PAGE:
As a teenager I spent my Friday and Saturday evenings waiting on tables, a foreshadow of what most of my adult life would entail.

I ragequit that job when at 16 my employers wouldn’t let me be the weekend maitre d because I was “too young”. I thought I was more than capable. I wrote my bosses an angry letter, and despite them being lovely enough to call to my mother to say they understood why I was upset and they would love to have me back, I felt scorned and was stubborn a little asshole.

I left high school early to work full time, mostly so I could leave home because I was and still am fiercely independent and/or a touch overconfident. Since then my only breaks from the industry have been for small but frequent bouts of travel, a journalism diploma, and a brief stint of unemployment.

The journalism diploma (which I never ended up using unless you count 2 – 3 blogs, all failing due to lack of interest both from readers and myself) had me move to Wellington, where I worked on and off in various capacities at a restaurant called Trade Kitchen. The owner/boss, Olly Edwards, was an inspiration. His background was predominantly cheffing however at TK he was front of house, and he was damn good at it. I admired that he was able to assume the role of head chef when needed, but was a professional, charming, intelligent leader of the floor team. I decided that if I was ever to open my own restaurant, I would need to train in the kitchen so I could be called upon to do anything the business needed and to be able to direct kitchen staff with first hand experience behind me.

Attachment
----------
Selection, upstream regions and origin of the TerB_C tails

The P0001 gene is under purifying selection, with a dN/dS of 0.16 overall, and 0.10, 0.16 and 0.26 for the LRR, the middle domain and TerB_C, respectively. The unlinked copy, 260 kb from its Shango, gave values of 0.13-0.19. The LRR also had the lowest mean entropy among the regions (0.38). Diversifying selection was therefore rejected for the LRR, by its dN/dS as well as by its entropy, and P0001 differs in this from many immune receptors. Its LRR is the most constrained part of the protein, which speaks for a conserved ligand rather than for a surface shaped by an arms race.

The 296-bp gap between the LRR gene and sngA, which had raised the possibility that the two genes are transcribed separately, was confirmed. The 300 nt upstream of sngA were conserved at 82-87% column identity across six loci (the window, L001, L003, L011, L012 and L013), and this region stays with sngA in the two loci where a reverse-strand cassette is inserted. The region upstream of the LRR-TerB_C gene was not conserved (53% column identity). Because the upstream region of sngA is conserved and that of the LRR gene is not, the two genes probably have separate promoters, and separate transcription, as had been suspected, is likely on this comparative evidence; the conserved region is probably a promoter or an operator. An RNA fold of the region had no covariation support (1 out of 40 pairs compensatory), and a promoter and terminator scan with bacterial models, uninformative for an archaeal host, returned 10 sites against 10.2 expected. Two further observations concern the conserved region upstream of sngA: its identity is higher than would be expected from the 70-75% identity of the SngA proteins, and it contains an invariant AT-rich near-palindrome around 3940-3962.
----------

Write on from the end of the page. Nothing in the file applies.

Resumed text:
In late 2011 I moved back to my hometown of Napier, and after a couple of shitty jobs I found myself working my way up the ladder quite quickly at a popular local restaurant. I had been thinking about doing a chef’s course but my job had momentum and I was learning so much that I decided to stick with it and forget study for the time being.

Four years later, still at the same restaurant, and after 10+ years as a waiter and manager, I’m ready for a change. Owning a restaurant isn’t in my sights right now but I’ve started this FEED lark, and what better source of material than a fish out of water slicing her fingers, crying over onions, and burning herself on the oven?

I am lucky to work with a head chef in the form of Hayden Esau, also a member of team FEED, who is game/dumb enough to let me in his kitchen for the purposes of a blog. I am also lucky that my bosses were happy to go along with the ride.

This week is my last as a restaurant manager and though I am under no illusions that these will be my final shifts as a waiter, I will be celebrating this change with enthusiasm, alcohol, and a blatant disregard for my impending pay cut.